"Sumpter says their result doesn't mean industrial chemical aren't also harming fish in some heavily polluted rivers. For example, he believes that high vitellogenin levels found in male fish in some U.K. rivers will turn out to be caused primarily by nonylphenol, a chemical discharged by textile factories. But, he says, because sewage is the dominant source of pollution in U.K. rivers, these substances in urine are probably largely responsible for the country's hermaphroditic fish. And that's a lesson for other researchers studying endocrine disrupters , Sumpter says: 'I would almost certainly have voted for synthetic man-made chemicals, and that would have turned out to be wrong.' Toxicologist Steven Safe of Texas A&M University in College Station agrees: 'This points out that we have to be pretty careful in jumping to conclusions.' "
(4) SCIENCE, 17 January 1997, pp. 405-406
"TECHNICAL COMMENTS: Potency of Combined Estrogenic Pesticides"
Excerpts from letter by Kavita Ramamoorthy et al.:
"Steven F. Arnold et al. found 150- to 1600-fold synergistic interactions between binary mixtures of the weakly estrogenic pesticides endosulfan, dieldrin, toxaphen, and chlordane in competitive estrogen receptor (ER) binding assays and in an estrogen-responsive assay in yeast....On the basis of these data, it was suggested 'that the estrogenic potency of some environmental chemicals, when tested singly, may be underestimated'....[Discussion of their attempts to duplicate the results]...The recent scientific, regulatory, and public concern regarding the potential adverse environmental and human health impacts from synergistic estrogen responses induced by organochlorine pesticide mixtures should be tempered by our results, which demonstrate that these compounds are weakly estrogenic and, in combination, their activities are additive."
Response from John A. McLachlan et al.:
"It is difficult to compare the results of the study by Ramamoorthy et al. to ours because the assays they used, while appearing to be similar to ours, were in each case different. The differences, however, have been instructive in helping us frame some of the parameters that may be important in determining the synergistic action of weakly estrogenic chemicals....We look forward to the continued clarification of this important issue."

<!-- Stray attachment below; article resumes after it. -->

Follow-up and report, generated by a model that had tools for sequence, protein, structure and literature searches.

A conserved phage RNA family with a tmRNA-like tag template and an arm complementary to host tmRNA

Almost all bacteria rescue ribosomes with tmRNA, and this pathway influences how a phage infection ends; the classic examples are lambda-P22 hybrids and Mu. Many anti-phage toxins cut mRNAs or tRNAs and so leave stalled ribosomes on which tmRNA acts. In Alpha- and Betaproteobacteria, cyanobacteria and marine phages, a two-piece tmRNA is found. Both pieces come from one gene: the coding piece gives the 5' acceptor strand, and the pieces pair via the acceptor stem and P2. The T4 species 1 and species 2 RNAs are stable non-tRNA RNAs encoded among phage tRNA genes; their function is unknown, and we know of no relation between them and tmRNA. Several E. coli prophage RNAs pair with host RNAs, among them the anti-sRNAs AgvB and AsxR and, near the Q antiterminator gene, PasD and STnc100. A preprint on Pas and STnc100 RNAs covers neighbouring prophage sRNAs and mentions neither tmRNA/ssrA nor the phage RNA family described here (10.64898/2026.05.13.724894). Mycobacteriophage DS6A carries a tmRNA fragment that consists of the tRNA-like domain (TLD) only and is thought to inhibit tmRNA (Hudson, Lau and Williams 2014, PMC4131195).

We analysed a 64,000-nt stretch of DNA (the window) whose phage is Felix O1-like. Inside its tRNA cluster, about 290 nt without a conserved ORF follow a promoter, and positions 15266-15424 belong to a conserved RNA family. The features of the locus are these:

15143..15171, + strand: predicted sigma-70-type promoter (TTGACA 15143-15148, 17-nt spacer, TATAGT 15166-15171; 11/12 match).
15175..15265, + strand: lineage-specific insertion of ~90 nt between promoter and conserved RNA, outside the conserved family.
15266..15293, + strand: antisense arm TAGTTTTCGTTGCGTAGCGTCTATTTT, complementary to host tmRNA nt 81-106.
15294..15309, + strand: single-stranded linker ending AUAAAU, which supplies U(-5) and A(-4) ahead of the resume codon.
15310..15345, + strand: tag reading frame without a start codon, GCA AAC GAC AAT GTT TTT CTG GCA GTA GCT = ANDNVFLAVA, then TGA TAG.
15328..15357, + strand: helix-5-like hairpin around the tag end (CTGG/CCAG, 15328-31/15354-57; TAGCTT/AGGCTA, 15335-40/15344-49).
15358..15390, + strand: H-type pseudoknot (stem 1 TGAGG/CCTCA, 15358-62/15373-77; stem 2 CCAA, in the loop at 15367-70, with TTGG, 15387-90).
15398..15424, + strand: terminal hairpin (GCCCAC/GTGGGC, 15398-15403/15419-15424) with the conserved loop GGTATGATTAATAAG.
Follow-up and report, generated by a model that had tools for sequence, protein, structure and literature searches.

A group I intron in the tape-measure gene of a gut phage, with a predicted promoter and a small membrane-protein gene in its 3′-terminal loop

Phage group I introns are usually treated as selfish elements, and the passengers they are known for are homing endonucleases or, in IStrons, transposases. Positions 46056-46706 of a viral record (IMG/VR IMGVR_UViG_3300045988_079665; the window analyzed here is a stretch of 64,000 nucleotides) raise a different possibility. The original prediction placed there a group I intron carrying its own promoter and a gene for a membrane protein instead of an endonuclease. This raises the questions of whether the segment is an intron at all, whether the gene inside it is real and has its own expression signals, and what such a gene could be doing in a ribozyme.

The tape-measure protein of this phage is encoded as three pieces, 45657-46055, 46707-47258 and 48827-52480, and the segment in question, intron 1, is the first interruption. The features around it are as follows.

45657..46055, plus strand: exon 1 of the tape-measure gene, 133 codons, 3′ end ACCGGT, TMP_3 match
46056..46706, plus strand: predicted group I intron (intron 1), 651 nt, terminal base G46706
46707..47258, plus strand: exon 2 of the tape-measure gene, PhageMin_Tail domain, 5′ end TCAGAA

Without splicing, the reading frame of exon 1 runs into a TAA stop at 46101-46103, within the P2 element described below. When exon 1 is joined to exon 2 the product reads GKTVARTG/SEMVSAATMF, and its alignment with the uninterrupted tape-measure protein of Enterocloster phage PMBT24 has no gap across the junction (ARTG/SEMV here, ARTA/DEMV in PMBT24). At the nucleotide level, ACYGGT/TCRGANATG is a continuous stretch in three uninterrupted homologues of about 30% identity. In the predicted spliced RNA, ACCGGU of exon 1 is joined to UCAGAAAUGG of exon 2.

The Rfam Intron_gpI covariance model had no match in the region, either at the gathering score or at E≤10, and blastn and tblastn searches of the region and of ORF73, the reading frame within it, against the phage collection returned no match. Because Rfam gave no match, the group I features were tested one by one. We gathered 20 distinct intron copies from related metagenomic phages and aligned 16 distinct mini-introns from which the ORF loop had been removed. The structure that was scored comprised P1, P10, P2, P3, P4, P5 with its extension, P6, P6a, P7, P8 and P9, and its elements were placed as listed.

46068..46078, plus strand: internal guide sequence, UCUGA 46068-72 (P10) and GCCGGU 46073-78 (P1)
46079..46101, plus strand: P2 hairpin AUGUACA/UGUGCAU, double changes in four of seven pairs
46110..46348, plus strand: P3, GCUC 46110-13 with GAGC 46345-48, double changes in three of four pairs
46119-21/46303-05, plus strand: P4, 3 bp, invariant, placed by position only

(5) CHEMICAL AND ENGINEERING NEWS, January 20, 1997, p. 9
"Endocrine disrupter screens on the way"
by Bette Hileman
"New findings reported last week may contribute substantially to the creation of tests for detecting chemicals that disrupt hormone systems. These chemicals have the potential to shape the development of the fetal reproductive system, and the Environmental Protection Agency, by law, must develop a screening and testing program for them by August 1998."
"Scientists led by toxicologist Michael D. Shelby at the National Institute of Environmental Health Sciences report that a set of three existing tests, when used in combination, provides a rapid assessment of a chemical's potential to mimic the hormone estrogen [Environ. Health Perspect., 104, 1296 (1996)]. When the three tests are run at the same time, results can be obtained in three to five weeks at a cost of about $15,000, Shelby says. Conventional cancer bioassays using animals can take one to two years and cost $1 million to $2 million...."
"Another research group, headed by John A. McLachlan of Tulane-Xavier Center for Bioenvironmental Research, New Orleans, has found that some combinations of hormone-disrupting chemicals act synergistically [Environ. Health Perspect., 104, 1318 (1996)]. This may mean that any testing program that is developed will need to account for such interactions."
"The Tulane researchers base their conclusion on lab studies on how chemicals--alone and in combination--interfere with alligators' sex hormones. These studies show how DDT and Dicofol caused major reproductive problems among alligators in Florida's Lake Apopaka (C&EN, May 13, 1996, page 28)."
(6) CHEMICAL AND ENGINEERING NEWS, February 3, 1997, p. 31
"Calculating total risk is likely to doom some pesticide products," by David Hanson
"The Environmental Protection Agency is wrestling with how to implement the landmark Food Quality Protection Act of 1996, which requires it to consider total risk from all uses of a pesticide when it sets pesticide tolerances on food. The new aggregate risk assessment rule could force growers to stop using some pesticides on some crops."